Author + information
- Farrell O. Mendelsohn, MD∗ ()
- ↵∗Interventional Hypertension Therapies Program, Cardiology PC, 801 Princeton Avenue, SW, Suite 707, Birmingham, Alabama 35211
In the October issue of JACC: Cardiovascular Interventions, Id et al. (1) compared the results of renal denervation using the Symplicity catheter system (Medtronic, Mountain View, California) in patients with and without accessory renal arteries. This issue is not insignificant considering that 27% of the resistant hypertension population may have accessory renal arteries. These patients have, for the most part, been excluded from clinical trials of renal denervation devices. The drop in office-based systolic blood pressure at 6 months was significantly less in the patients with accessory renal arteries than in those with only main renal artery trunks (–6.2 mm Hg vs. –16.6 mm Hg). The patients with accessory renal arteries were further subdivided into 2 groups; the subgroup with complete accessory renal artery denervation experienced a slightly greater drop in systolic blood pressure than did patients with incomplete treatment of their accessory arteries (–8.8 mm Hg vs. –4.1 mm Hg).
Renal denervation targets the sympathetic nerves located in the adventitia of the renal artery wall (2). The nerves travel from the spinal cord along the artery and then to the kidney where extensive branching occurs. Early anatomic studies using electron microscopic autoradiography demonstrated that the majority of renal nerves terminate at vascular structures within the kidney (3). Based on these anatomic findings, the nerve traffic to and from the kidney corresponds at least roughly to the blood supply, traveling with both accessory and main renal arteries. So patients with accessory renal arteries may be predisposed to a lack of blood pressure response if treated with a denervation technique targeting nerves only in the main renal artery—just as was reported in the article by Id et al. (1).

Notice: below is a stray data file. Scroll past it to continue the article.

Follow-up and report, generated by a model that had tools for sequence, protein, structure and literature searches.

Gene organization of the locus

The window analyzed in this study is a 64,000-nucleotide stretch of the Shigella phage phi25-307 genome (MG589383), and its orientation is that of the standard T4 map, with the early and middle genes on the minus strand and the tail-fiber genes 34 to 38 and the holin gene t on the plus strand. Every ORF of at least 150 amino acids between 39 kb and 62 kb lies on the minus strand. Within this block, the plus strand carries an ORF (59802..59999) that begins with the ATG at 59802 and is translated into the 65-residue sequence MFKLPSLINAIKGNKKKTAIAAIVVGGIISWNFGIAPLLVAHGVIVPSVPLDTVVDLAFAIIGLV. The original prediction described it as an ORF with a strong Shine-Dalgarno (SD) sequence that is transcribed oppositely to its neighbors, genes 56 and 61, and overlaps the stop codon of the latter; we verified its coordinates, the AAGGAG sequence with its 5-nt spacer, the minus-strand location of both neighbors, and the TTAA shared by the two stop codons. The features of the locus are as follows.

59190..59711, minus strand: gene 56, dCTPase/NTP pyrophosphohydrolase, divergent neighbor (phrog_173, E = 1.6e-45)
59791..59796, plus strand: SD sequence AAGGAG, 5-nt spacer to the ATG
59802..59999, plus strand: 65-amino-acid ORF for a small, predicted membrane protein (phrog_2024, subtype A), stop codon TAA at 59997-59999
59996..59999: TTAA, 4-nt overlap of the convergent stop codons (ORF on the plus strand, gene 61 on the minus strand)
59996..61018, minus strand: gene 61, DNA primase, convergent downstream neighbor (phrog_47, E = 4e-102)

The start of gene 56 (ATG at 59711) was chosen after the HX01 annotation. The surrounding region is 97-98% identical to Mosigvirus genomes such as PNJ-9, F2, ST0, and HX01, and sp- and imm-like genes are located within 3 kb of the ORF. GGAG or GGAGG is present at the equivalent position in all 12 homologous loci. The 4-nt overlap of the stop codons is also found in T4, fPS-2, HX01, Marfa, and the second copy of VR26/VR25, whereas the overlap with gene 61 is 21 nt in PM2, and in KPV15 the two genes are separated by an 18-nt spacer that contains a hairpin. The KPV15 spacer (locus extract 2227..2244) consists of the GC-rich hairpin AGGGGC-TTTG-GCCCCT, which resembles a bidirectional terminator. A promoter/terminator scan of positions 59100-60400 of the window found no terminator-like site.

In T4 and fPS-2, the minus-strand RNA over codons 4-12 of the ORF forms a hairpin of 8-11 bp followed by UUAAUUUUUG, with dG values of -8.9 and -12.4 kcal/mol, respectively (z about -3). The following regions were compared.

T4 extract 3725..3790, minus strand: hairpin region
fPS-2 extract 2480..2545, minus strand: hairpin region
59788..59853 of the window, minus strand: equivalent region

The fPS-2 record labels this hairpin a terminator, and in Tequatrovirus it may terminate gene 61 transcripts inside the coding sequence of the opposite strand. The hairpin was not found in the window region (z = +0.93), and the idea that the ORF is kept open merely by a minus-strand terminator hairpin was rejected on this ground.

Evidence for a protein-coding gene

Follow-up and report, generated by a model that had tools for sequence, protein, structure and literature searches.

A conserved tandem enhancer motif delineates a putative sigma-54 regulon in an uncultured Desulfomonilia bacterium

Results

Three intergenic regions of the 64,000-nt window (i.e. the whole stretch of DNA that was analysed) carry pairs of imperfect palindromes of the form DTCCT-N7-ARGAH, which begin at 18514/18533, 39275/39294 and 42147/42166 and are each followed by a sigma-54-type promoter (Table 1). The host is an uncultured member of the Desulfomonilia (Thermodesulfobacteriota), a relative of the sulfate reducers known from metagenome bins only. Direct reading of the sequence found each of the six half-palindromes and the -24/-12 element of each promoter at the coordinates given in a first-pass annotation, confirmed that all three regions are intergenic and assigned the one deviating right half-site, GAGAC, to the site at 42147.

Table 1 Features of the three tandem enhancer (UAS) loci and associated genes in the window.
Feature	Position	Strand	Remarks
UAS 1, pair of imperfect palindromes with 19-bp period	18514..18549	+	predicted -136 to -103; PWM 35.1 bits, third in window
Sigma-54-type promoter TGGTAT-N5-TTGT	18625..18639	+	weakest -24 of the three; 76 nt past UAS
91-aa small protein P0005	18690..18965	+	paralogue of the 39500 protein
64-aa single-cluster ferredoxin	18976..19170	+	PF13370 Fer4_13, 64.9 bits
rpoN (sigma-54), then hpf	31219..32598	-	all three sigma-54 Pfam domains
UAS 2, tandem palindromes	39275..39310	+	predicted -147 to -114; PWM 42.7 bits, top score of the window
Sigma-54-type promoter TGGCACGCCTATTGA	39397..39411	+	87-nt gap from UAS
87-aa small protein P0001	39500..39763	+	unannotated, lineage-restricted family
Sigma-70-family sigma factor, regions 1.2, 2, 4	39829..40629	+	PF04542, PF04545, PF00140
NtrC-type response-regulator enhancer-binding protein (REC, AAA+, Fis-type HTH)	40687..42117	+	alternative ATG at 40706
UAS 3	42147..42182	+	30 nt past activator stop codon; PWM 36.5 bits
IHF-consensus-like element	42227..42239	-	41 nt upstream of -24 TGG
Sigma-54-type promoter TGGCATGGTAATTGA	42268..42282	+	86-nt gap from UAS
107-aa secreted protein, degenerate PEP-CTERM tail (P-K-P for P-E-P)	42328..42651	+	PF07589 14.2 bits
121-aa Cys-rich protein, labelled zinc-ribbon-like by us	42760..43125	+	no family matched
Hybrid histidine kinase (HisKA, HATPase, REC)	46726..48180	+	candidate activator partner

Yet, why was the blood pressure-lowering response in the subgroup with “complete” renal denervation of accessory renal arteries less than that in the group with only main renal artery trunks? This difference may in part be explained by limitations of the monopolar renal denervation system used for ablation of accessory renal arteries. Cooling of monopolar catheters from blood flow is critical to avoid tissue damage from catheter overheating. In low flow conditions such as with accessory renal arteries, cooling may be inadequate. The system generator will then terminate energy delivery to prevent overheating, but it also halts the ablation, potentially compromising denervation efficacy. Other renal denervation systems that do not require cooling may be more effective for accessary renal arteries (4). It will be critical to understand the differences in renal denervation technologies and their applicability to the subset of patients with accessory renal artery anatomy.
Please note: Dr. Mendelsohn has received consulting fees from Medtronic and Boston Scientific/Vessix and has served on the medical advisory board of Boston Scientific.
- American College of Cardiology Foundation
- Id D.,
- Kaltenbach B.,
- Bertog S.C.,
- et al.
- Barajas L.,
- Powers K.
- ↵Sievert H. REDUCE-HTN clinical study interim 6- and 12-month data. Paper presented at: Transcatheter Cardiovascular Therapeutics Conference 2013; October 28, 2013; San Francisco, California.